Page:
We expect that data on issues like heat or socioeconomics will be required for this risk assessment, however we do not expect undertaking new data collection in this space. As stated in the RFQ, the risk assessment must be able to be easily and affordably replicated, and councils cannot afford to commission new heat studies each time they want to undertake risk assessment. We therefore anticipate that the methodology focuses on existing / easy to source data, but also identifies potential gaps in data and provides recommendation for future work.



RFI – 14/07/2023 What is the relationship / alignment with the National Climate Risk Assessment work being led by ACS?

We know that both the Australian (ACS) and NSW Government (OECC) are developing climate risk assessments, and NSW Reconstruction Authority is also currently undertaking a review of the State Level Risk Assessment for heatwave.

WSROC is involved in these ongoing processes. While local risk assessment has different requirements, we want to ensure this process stays across state and federal assessments to ensure assessment methodologies at different levels complement as much as possible.



RFI - 20/07/202Are you able to provide an indicative list of stakeholders that WSROC would like included in interviews and workshops?

Stakeholder lists are yet to be determined, however we expect this to include:

  • Risk assessment users: (council EM/community development/resilience staff)
  • Expert stakeholders: (LHDs, Red Cross, Ambulance, SES, Endeavour Energy, expert researchers) many of whom may also be secondary users.
  • State and federal risk assessors: As outlined in the RFQ, it is also important to ensure the methodology speaks to state and federal work so we anticipate engagement with Australian Climate Services, NSW Reconstruction Authority and Adapt NSW.

WSROC has access to a wide pool of stakeholders. It is not anticipated that respondents should dedicate time to searching for relevant stakeholders. 



RFI - 20/07/2023 Does WSROC anticipate being able to update the entire risk assessment inhouse, even if some parts of this process may require a certain technical proficiency in numerical modelling and a relatively powerful computer?

Councils will be the ones undertaking and updating the risk assessment (not WSROC), so the output should be in a format local government is able to work with. It can be assumed that councils have GIS skills on staff as well as some subject matter expertise.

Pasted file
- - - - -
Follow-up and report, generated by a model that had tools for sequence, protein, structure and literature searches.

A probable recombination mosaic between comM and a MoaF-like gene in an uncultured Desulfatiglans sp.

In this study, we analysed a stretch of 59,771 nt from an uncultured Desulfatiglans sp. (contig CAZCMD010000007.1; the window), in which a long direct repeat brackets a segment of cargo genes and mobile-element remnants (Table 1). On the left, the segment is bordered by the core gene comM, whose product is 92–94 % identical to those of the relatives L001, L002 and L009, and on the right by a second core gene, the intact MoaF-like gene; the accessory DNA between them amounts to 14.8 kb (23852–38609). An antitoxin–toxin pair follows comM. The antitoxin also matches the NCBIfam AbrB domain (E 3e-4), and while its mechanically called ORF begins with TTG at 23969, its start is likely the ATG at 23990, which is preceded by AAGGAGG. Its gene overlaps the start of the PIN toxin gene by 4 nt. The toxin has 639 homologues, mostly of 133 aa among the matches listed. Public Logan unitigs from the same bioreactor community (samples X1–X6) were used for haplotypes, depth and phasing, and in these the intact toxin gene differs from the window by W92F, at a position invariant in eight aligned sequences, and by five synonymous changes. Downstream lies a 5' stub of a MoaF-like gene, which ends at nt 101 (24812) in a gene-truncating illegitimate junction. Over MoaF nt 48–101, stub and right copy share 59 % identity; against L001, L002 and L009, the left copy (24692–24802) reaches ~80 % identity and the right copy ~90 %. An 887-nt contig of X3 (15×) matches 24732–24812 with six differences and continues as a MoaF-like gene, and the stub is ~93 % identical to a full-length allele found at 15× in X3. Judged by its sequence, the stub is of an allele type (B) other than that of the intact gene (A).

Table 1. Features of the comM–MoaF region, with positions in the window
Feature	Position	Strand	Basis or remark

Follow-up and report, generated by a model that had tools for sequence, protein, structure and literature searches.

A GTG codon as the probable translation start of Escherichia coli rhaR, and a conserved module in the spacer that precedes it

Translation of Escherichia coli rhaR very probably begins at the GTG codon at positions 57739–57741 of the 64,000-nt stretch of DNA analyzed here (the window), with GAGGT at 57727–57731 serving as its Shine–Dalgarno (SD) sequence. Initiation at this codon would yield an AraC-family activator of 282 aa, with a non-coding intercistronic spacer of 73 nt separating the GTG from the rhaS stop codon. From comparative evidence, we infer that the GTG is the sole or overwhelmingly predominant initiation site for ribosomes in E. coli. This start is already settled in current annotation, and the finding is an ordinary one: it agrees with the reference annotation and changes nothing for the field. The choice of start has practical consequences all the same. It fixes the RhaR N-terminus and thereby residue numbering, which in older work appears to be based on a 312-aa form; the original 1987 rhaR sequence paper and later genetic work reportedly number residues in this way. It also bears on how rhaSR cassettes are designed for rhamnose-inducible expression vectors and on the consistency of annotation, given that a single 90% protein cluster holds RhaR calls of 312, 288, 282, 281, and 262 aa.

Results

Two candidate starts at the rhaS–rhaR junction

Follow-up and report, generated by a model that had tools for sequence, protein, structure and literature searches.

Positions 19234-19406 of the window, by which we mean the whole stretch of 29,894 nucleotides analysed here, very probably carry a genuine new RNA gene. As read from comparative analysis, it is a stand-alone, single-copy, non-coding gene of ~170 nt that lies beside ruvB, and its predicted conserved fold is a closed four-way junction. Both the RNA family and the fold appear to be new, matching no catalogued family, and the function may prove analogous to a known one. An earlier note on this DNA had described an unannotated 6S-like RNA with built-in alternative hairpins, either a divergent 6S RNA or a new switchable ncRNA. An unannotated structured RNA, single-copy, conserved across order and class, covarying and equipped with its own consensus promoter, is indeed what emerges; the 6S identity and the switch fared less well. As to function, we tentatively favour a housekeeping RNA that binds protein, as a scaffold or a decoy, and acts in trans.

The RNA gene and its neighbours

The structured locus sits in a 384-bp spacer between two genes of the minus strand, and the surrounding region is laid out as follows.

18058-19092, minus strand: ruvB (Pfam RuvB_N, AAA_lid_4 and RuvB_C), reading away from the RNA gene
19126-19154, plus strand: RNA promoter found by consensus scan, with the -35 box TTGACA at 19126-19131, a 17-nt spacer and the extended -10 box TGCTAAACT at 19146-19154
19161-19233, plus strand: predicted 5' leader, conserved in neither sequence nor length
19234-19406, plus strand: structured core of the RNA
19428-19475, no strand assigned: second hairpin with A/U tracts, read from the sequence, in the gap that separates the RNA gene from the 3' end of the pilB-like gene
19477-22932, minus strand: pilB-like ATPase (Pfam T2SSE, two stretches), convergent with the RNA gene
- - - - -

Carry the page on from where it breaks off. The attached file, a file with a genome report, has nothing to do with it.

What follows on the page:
I would emphasise that the focus of this project should be developing a really sound, defensible methodology for understanding heat risk. However, at present there is no agreement on what indicators should be considered in a risk assessment.

We acknowledge we may not be able to include all relevant indicators/complex modelling in the council templates during the course of this program due to data availability, resourcing constraints or council skill levels.

A sound base of understanding - including what's required for 'best practice' will allow us advocate for better resourcing and datasets so that the risk assessment can be scaled up in future.

At present one of the biggest tasks for heat risk assessment is understanding the type of risk indicators and data required beyond surface temperature data and SEIFA overlays. 


RFI - 20/07/2023 Does WSROC anticipate that they will need to independently use the risk assessment method/tool in the future not just to update the risk mapping for existing scenarios, but also to predict the impact of potential heat risk mitigation measures? If the latter is true, has WSROC already identified some of the possible heat risk mitigation measures that may need to be assessed using the method/tool? 

It would be ideal if the methodology could be used to assess the impact of heat risk mitigation measures, however this might need to be discussed in partnership with the Project Working Group, and may also depend on budget available. An option could be to provide a suite of options as part of the RFQ response.

If proceeding, risk treatment measures would also need to be worked through with the Project Working Group, and some of the other Greater Sydney Heat Taskforce programs (Cool Suburbs and Heatwave Management Guide). However, broadly treatment would include a mix of mitigation, adaptation and response measures including:

  • Urban design measures (incl Canopy cover, water, cool materials). Please note that these measures are outlined in the Cool Suburbs tool and Resilient Sydney Tool. I imagine that the Project Working Group may wish to determine which of these they want to include noting that local government/emergency sector only has carriage over some of these measures.
  • Home adaptation programs (age of buildings, where upgrades are needed etc)
  • Provision of 'cool spaces' accessible to residents.
  • Energy system adaptation, islanded backup power.
  • Service delivery measures e.g. messaging, home visits, provision of drinking water, cancelling events, WH&S measures, etc?